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What is cancer fatigue?

Fatigue means feeling very tired, exhausted and lacking energy. It can be a symptom of the cancer itself or a side effect of treatment.

Fatigue is very common in people with cancer. It can be the most troubling symptom. Many people say it's the most disruptive side effect of all.

Cancer related fatigue can affect you physically, emotionally and mentally. How long it lasts, the degree of severity and how often you might have it is different from person to person.

Symptoms of fatigue

Cancer related fatigue symptoms are very general and other things can cause them too.

Tell your doctor or nurse about any new or unusual symptoms you might have. They can help try to work out the cause and how to manage them.

Here is a list of some symptoms you might have if you have cancer related fatigue:

  • lack of energy – you may just want to stay in bed all day
  • feeling you just cannot be bothered to do much
  • sleeping problems such as unable to sleep or disturbed sleep
  • finding it hard to get up in the morning
  • feeling anxious, sad or depressed
  • pain in your muscles – you may find it hard to climb stairs or walk short distances
  • being breathless after doing small tasks, like having a shower or making your bed
  • finding it hard to concentrate, even just watching TV or talking to a good friend
  • finding it hard to think clearly or make decisions easily
  • loss of interest in doing things you usually enjoy
  • negative feelings about yourself and others

How long can fatigue last?

Cancer related fatigue is different from normal fatigue which is usually short term and you feel better after you stop, sleep or rest. Cancer fatigue doesn’t usually go away with sleep or rest. It can be severe and last a long time.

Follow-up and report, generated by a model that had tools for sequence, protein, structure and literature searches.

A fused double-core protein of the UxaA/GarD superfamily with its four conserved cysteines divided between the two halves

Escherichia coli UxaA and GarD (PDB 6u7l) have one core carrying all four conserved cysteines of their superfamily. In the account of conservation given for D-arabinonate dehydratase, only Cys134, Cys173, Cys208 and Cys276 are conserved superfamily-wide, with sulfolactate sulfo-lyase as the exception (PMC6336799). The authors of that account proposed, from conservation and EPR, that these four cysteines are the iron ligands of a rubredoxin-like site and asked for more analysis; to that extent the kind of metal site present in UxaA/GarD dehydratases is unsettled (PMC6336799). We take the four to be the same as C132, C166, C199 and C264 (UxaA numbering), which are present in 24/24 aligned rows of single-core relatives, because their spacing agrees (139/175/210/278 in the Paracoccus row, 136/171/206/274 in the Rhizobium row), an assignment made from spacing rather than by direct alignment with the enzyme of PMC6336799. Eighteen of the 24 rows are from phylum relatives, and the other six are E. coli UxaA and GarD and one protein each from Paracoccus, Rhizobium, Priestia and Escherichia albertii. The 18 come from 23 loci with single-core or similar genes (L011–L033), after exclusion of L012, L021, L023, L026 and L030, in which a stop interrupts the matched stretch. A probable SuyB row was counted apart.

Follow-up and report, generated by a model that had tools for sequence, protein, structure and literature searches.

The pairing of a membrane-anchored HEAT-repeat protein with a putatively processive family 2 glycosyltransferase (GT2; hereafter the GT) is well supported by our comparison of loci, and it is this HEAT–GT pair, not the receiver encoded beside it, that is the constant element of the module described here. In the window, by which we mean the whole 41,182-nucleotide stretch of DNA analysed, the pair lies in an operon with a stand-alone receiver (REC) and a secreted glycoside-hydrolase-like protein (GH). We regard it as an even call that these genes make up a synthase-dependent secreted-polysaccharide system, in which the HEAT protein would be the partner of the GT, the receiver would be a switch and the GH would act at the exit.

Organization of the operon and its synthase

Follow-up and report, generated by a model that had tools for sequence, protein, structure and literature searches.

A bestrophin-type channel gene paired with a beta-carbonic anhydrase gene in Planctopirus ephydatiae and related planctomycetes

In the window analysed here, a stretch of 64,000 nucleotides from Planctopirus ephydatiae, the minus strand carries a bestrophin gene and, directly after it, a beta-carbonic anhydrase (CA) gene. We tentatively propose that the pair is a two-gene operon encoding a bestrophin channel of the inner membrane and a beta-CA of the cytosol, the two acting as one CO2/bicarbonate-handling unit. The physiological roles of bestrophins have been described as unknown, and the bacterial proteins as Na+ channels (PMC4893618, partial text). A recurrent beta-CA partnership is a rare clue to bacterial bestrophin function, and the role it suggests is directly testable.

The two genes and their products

Fatigue can last for different amounts of time depending on what’s causing it. Most people start to feel better after treatment finishes. But it can take several weeks or months before you feel like your old self. In some people it may take a lot longer.

How fatigue can affect your daily life

Fatigue can be very frustrating. You and your relatives might underestimate how much it can affect daily life.

Everyday life can be hard work and you might not have the energy to cook, clean, bathe or go shopping. You might not even feel up to a chat. Things that you used to find second nature or easy are now a task and can be hard work.

You and your doctor can sometimes overlook fatigue, especially if you have other side effects. It’s important to tell your doctor or nurse about how you’re coping day to day and if you are struggling.

Fatigue can affect the way you feel about yourself and your relationships with other people. You can feel very down and not want to go out or be with people which can be hard for them to understand.

You might have to stop working or cut down your hours. This can affect how much money you have.

You might feel like fatigue is a constant reminder of your cancer and this can be hard to accept.

You might worry that because you feel so tired all the time your cancer could be getting worse. But it is more likely to be a side effect of treatment, or due to the fact that cancer can cause fatigue.

Fatigue is very real and can have a big impact on your life. Let your doctor or nurse know if you think you have symptoms of fatigue. There are ways of managing it and your medical team will try to help you.

Managing cancer fatigue

There are some things you can do to help with fatigue. Speak with your doctor or specialist nurse if you are feeling very tired. They can help you to manage it and might give you treatment.  

Last reviewed: 
02 Jan 2020
  • International Psychometric Validation of an EORTC Quality of Life Module Measuring Cancer Related Fatigue (EORTC QLQ-FA12)
    J Weis and others
    Journal of the National Cancer Institute, 2017. Volume 109, Issue 5

  • Cancer-related fatigue: Mechanisms, risk factors, and treatment
    J E Bower
    Nature Reviews Clinical Oncology, 2014. Volume 11, Issue 10, Pages 597 - 609

  • Tiredness/fatigue in adults
    National Institute for Health and Care Excellence (NICE), 2015.

  • Cancer Survivorships Sourcebook (2nd Edition)
    K Jones
    Omnigraphics, 2017

  • Cancer-related fatigue treatment: An overview
    H Mohandas and others
    Journal of Cancer Research and Therapeutics, 2017. Volume 13. Issue 6, Pages 916 - 929

  • The information on this page is based on literature searches and specialist checking. We used many references and there are too many to list here. Please contact patientinformation@cancer.org.uk with details of the particular issue you are interested in if you need additional references for this information.

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